5 Secrets from People Who've Cut Out Sugar
It's a tactic that Allison Hubbard, 39, used to help her cut out added sugars from her diet—and lose 128 pounds. No small feat considering that 73 percent of the packaged foods lining supermarket shelves contain added sugars, according to research in the Journal of the Academy of Nutrition and Dietetics. "By eating meals rich in healthy protein sources, my desire and cravings for sugar went away all together," she says. "The sugary desserts I used to eat weren't even a thought on my mind."
The science: A small University of Missouri study found that increasing your protein intake actually reduces the degree to which the sight of crave-worthy foods activates the brain's reward centers.
Carrie Dowling, 31, a self-professed diet-soda addict has lost 15 pounds since reducing both real and artificial sugars. "It's definitely easier to stick to a healthy diet after weaning myself off of diet soda," she says.
The science: "Artificial sugars are like a Band-Aid, or methadone!" says Nicole M. Avena, PhD, neuroscientist, food addiction expert and author of Why Diets Fail (Because You're Addicted to Sugar). "You aren't going to allow your brain to get accustomed to the lack of sugar if you are feeding it fake sugar." She says that non-caloric sweeteners may thwart the body's ability to monitor its caloric intake based on sweetness. In fact, participants in the San Antonio Heart Study who drank more than three diet sodas per week were twice as likely to become overweight or obese compared with those who didn't drink diet soda.
For Hubbard, that meant addressing a longtime sweets habit. "In college, I worked at an ice cream shop and received free ice cream every day that I worked. I took advantage of it," she says, adding that years later, she continued to indulge in ice cream. And by identifying her main sugar source, she was better able to start cutting back.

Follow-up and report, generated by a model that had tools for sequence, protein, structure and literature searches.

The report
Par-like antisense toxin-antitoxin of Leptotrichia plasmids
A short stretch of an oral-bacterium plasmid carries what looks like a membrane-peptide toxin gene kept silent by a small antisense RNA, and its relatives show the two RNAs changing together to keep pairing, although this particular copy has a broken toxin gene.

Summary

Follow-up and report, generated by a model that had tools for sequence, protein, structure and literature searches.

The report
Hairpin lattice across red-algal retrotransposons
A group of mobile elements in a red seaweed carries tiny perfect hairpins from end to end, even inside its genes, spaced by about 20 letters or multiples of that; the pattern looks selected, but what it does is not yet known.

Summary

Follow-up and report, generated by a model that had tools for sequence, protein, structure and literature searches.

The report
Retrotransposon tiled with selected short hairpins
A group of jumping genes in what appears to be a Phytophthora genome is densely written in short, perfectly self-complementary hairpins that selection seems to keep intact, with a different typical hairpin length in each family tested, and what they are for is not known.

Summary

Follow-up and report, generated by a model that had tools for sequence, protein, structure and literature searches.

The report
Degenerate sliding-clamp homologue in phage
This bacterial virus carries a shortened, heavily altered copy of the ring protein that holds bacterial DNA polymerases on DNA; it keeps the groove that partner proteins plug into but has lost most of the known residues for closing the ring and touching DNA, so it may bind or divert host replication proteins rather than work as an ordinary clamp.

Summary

The science: Soda and energy/sports drinks are the greatest source of added sugars in the average American's diet, responsible for 34.4 percent of all added sugars consumed, found a study published in The American Journal of Clinical Nutrition. The next culprits are grain-based desserts, such as cake and cookies (12.7 percent), fruit drinks (8 percent), candy (6.7 percent),and dairy-based desserts, such as ice cream (5.6 percent). Instead of going cold turkey, which can be overwhelming, Avena suggests starting by tackling the food category you most crave first (so, if cake is your weakness, try eliminating grain-based desserts first).
When Hubbard, who's kept the 128 pounds off for more than a decade, is tempted by a sugary treat, she says that pausing and considering the situation from an outside perspective helped her figure out what was driving the craving (stress and hunger), which allowed her to address it in a healthier way.
The science: A 2013 study published in the British Journal of Health Psychology found that college students reduced their chocolate cravings after only five days of practicing a mindfulness habit called cognitive defusion. More ways to practice defusion: deep breathing, meditation and yoga.
If you've reduced sugar from your diet and find you have a hankering for sweets a day (or even a week) later, hang in there. For Jennifer Homendy, 45, her sugar cravings began to dissipate after three to four weeks of reducing her intake. "It is amazing how the desire for sugar goes away."
The science: In a 2015 study from the Monell Chemical Senses Center, people who followed a low-sugar diet for three months rated pudding as tasting 40 percent sweeter than did those who stuck with their typical, sugar-filled diets.
Want more stories like this delivered to your inbox? Sign up for the Oprah.com Healthy Body Newsletter!